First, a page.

Poor end to the week for GBP
The difficulties on our high street were laid bare yesterday when the owner of the Argos chain said that sales of TV’s, iPods and audio equipment had fell by up to 25% over March and April. This news also coincided with a major survey showing that 40pc of consumers had made “significant” cutbacks since the start of the year, with British consumers instead focussing on paying off debt.
The current situation is rather ironic as the government are promoting the need to save more and live within our means. The only problem with that is by not over indulging on our credit card, the service sector is be negatively impacted, which is by far the largest area of our economy and crucial for overall economic growth. The weakness in this sector however is unlikely to change in the near future with the ramifications from the largest debt driven consumer spending binge in British history likely to be felt for a long time.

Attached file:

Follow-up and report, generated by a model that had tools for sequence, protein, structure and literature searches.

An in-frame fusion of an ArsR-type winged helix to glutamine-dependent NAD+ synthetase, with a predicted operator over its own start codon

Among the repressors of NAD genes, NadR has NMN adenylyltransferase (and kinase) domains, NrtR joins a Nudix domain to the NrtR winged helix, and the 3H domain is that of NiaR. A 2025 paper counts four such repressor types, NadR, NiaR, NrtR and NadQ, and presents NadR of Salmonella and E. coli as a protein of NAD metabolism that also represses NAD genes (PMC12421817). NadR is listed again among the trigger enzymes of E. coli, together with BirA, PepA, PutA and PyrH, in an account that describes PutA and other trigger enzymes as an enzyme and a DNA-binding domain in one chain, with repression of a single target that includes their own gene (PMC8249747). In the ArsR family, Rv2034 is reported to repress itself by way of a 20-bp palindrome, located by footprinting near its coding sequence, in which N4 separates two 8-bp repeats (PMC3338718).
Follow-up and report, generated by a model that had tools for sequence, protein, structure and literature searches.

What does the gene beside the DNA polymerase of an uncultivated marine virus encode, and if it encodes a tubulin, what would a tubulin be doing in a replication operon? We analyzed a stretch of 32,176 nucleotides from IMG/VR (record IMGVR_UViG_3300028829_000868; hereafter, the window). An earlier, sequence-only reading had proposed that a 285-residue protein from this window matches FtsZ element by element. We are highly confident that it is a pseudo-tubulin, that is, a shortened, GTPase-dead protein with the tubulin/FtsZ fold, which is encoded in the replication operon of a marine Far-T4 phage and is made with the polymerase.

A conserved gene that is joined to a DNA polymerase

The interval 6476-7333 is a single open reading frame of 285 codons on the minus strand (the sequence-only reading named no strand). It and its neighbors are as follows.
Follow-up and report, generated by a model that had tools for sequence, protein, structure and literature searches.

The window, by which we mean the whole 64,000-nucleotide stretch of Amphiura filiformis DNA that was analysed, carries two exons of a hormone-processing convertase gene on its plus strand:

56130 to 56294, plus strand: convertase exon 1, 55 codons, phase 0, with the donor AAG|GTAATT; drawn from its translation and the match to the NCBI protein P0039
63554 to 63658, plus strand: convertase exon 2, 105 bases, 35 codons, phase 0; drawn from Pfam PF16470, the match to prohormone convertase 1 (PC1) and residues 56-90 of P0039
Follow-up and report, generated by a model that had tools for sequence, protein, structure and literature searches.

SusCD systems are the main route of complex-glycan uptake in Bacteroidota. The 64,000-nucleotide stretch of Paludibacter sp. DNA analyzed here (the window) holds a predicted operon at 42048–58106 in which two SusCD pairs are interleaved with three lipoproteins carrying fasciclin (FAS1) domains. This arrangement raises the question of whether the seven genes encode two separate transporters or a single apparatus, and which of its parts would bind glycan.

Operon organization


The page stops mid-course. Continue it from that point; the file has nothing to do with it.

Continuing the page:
Across the pond in the US, fears are also rising after a raft of disappointing data releases. The highly respected US economist Robert Shiller is quoted this morning as saying the US was at risk of a double dip recession. The S &P/Case Shiller Index of US property values, which he co-founded, has falling 4.2% in the first quarter of 2011 and a further fall of 25% would “not surprise to him at all”. When you consider the implications if your home was to fall a further 25%, it gives you a sense of the gravity of the problems the US could face.
In morning trading fears over the health of the world economy provided support for the US dollar as the main ‘safe haven’ currency, with the pound trading at 1.6276 against the greenback. The euro was also slightly weaker against the dollar at 1.4485 as investors sold their Euros.
After weak UK manufacturing and industrial production figures this morning the pound gave back some of ground gained against the euro yesterday to trade at 1.1240. Let’s hope next week is a little more positive on the data front with UK consumer confidence, inflation, retail sales and unemployment figures all released next week.